What was around the bend in rivers hundreds of millions of years ago? It’s a trick question—because there weren’t any bends. Ancient rivers were typically just wide, sheetlike flows of water. New reports in the journals Geology and Earth-Science Reviews say we can thank the very first landlubbing plants for putting the turn in the river.
Researchers from Dalhousie University examined dozens of sites, from the Channel Islands off France to Death Valley. They say that well before dinosaurs or, really, much of anything roamed the Earth, rivers were just vast expanses of water heeding only gravity and heading straight to sea.
The first vascular plants took advantage of the abundant water, and put down roots. The roots began to hold sediment in place. Thus the riverbank was born and waterways began to get thinner and more defined. The communities of Paleozoic plants congregated at the water’s edge and began to colonize the Earth’s surface.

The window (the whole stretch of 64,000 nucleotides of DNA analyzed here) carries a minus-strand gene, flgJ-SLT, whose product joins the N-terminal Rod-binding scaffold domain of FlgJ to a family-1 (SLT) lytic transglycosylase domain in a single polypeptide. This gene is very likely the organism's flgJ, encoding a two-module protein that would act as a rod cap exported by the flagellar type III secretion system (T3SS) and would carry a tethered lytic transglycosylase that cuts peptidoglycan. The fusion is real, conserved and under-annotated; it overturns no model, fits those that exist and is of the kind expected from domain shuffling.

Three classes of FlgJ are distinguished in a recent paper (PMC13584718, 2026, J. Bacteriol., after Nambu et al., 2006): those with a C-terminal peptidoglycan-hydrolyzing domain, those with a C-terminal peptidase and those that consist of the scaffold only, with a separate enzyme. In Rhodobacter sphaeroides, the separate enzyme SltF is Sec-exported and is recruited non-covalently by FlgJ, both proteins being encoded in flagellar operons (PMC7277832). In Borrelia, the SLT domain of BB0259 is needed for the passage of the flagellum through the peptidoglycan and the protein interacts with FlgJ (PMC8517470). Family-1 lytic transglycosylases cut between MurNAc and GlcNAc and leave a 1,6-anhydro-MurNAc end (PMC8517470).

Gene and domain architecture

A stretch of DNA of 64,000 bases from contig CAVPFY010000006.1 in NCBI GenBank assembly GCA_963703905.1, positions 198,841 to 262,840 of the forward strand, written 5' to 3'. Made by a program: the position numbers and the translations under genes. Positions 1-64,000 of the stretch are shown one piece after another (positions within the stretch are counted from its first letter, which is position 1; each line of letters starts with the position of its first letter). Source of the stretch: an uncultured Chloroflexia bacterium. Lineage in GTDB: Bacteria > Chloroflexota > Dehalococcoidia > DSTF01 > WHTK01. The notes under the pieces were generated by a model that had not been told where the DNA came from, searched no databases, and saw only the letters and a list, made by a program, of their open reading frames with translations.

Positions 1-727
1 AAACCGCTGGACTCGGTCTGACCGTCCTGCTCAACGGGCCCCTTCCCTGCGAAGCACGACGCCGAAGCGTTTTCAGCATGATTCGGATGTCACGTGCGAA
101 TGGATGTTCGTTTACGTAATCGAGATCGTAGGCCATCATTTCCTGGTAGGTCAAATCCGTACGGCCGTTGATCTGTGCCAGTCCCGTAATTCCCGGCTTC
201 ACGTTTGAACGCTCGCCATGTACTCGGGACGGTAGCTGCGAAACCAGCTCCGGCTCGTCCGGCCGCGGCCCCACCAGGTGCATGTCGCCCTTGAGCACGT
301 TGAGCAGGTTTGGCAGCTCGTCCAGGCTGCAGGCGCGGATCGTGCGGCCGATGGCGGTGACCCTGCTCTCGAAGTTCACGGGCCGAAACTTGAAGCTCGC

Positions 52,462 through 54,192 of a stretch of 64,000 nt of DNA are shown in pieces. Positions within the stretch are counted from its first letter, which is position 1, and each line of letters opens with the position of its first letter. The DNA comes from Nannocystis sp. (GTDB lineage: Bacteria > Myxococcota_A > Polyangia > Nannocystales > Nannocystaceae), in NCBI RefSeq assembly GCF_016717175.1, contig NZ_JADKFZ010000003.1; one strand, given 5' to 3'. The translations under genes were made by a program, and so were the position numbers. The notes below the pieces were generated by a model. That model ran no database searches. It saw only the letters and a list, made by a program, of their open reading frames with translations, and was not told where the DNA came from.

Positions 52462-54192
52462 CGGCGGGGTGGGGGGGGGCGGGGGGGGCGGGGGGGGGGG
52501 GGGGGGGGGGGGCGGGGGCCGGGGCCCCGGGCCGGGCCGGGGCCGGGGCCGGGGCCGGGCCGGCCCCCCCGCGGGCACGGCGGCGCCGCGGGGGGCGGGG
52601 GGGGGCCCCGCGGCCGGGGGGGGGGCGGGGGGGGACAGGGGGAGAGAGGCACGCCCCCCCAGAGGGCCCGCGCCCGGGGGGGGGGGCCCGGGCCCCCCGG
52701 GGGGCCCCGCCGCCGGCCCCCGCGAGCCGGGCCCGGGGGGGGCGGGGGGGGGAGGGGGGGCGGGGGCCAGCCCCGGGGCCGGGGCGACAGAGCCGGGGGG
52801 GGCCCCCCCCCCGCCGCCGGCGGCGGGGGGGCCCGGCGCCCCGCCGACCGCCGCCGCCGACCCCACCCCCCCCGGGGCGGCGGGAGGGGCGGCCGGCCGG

Over the next 50 million years this co-evolution of flora and flow led to the meandering rivers we know today, and a barren landscape made lush. And, also, the seven-dollar toll to cross the Hudson on the George Washington Bridge.
[The above text is an exact transcript of this podcast.]